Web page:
Sears Holdings Corp. posted a wider loss in the third quarter as continued sales declines at its stores overshadowed a growing online business.
The Hoffman Estates, Ill.-based retailer said revenue at its Sears stores open at least a year slipped 0.7%. At its Kmart stores, revenue fell 0.9%. Sears Canada had a 7.8% decline in comparable-store sales, the company said.
Lower sales of appliances and consumer electronics at Sears’ U.S. stores hurt the company’s performance, even as sales of apparel rose, helped by Lands’ End and the new Kardashian clothing line. Meanwhile, at Kmart, sales of clothing, home goods and prescription drugs fell, while grocery and household goods rose.
“While we are not satisfied with our performance, we saw improvement in some core areas,” said Lou D’Ambrosio, chief executive and president of Sears Holdings.
Sears lost $421 million, or $3.95 a share, for the period that ended Oct. 29. A year earlier, it lost $218 million, or $1.98 a share. Removing a pension expense and other items, Sears lost $2.57 a share. Analysts surveyed by FactSet expected a smaller loss of $2.29 a share.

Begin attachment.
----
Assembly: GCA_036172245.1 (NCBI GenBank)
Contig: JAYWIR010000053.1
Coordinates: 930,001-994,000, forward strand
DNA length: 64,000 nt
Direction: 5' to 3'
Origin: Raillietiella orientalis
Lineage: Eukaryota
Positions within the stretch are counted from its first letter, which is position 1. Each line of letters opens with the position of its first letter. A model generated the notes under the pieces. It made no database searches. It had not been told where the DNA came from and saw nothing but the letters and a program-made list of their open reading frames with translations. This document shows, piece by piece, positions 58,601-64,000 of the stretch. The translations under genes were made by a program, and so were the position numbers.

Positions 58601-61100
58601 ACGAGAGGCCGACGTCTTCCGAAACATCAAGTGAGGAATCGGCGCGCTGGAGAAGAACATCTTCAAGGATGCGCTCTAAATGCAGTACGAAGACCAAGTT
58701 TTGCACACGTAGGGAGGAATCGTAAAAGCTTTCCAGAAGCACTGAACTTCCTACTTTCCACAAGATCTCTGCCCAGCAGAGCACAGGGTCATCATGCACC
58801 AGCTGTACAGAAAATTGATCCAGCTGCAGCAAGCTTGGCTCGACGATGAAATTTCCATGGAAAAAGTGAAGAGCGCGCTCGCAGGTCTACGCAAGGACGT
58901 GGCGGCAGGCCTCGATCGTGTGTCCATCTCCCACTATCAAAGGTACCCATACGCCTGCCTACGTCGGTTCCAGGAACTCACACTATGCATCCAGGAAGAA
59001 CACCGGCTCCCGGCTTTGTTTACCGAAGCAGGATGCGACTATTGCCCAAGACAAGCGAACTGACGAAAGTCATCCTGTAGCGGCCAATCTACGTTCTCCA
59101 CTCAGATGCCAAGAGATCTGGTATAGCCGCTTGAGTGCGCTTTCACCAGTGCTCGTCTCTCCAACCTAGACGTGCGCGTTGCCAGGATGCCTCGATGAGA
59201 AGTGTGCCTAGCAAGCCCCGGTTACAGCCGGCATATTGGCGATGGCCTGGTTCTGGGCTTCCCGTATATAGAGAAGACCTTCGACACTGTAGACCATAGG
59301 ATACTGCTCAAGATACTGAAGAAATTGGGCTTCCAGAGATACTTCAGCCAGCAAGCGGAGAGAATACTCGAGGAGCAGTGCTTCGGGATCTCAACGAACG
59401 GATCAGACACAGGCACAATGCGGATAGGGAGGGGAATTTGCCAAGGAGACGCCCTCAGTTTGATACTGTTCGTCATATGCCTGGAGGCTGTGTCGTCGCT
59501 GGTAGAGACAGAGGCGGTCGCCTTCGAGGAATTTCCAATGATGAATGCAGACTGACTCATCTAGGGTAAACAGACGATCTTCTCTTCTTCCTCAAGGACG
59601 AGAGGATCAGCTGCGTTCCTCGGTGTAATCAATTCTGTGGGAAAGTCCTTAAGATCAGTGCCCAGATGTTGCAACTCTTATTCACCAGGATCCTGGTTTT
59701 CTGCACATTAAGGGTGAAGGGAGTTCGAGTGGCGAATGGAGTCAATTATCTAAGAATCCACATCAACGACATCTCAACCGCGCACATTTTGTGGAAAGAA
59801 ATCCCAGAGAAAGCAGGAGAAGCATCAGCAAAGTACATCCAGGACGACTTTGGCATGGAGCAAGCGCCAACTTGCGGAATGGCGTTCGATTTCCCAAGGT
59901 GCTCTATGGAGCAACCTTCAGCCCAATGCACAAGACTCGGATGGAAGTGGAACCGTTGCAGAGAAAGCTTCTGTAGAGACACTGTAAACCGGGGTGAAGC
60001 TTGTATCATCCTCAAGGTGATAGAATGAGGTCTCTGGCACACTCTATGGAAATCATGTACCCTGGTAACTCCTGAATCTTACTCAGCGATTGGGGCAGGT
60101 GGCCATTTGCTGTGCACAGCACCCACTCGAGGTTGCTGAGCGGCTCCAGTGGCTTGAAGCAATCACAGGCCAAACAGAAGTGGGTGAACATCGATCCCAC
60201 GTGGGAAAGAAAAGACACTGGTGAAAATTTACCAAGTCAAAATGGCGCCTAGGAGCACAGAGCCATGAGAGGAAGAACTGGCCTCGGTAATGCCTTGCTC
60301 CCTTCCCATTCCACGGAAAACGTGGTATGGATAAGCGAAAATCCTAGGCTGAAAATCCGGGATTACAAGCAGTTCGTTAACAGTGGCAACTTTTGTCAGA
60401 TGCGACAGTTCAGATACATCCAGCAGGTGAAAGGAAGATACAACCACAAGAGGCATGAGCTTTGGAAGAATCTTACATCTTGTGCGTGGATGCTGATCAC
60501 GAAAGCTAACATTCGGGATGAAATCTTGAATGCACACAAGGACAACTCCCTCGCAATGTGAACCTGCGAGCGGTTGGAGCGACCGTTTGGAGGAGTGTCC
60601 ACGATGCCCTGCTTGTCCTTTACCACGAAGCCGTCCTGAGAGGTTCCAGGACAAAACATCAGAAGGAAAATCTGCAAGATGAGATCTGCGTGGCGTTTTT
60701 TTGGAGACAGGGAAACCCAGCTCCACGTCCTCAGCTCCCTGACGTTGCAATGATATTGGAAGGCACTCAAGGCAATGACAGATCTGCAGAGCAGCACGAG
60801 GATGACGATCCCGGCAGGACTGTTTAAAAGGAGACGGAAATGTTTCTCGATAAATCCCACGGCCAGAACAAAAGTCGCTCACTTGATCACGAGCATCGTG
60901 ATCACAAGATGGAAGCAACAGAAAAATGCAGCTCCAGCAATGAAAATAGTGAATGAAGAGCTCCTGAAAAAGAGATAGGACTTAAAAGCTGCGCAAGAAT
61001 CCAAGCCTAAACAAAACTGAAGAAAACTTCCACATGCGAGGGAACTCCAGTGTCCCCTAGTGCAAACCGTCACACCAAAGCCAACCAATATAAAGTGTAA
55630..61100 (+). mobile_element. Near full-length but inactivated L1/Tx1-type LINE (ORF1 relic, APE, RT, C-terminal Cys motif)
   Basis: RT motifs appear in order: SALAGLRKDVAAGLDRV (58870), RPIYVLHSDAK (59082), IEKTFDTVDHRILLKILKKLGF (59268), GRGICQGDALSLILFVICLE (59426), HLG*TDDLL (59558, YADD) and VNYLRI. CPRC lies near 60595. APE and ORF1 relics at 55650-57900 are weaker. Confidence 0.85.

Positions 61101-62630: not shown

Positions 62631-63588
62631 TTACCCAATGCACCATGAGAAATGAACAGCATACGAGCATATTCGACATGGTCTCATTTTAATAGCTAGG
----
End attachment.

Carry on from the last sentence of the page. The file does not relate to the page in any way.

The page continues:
Revenue slipped 1% to $9.57 billion.
Online sales, a bright spot, increased 19% from the same period last year, giving a slight lift to U.S. same-store sales. Starting in the first quarter of 2011, Sears has been including online sales from Sears.com and Kmart.com in its domestic same-store sales figures.
Since hedge fund guru Edward Lampert took control of Sears and combined it with Kmart in 2005, the company has cut back investments in the physical stores in favor of pouring money into its online business. Some experts predict Sears will eventually become an e-commerce retailer with fewer, smaller storefronts to display its online wares.
In a memo to employees, D’Ambrosio said Sears is reinventing itself to “move beyond mult-channel to truly integrated retail.”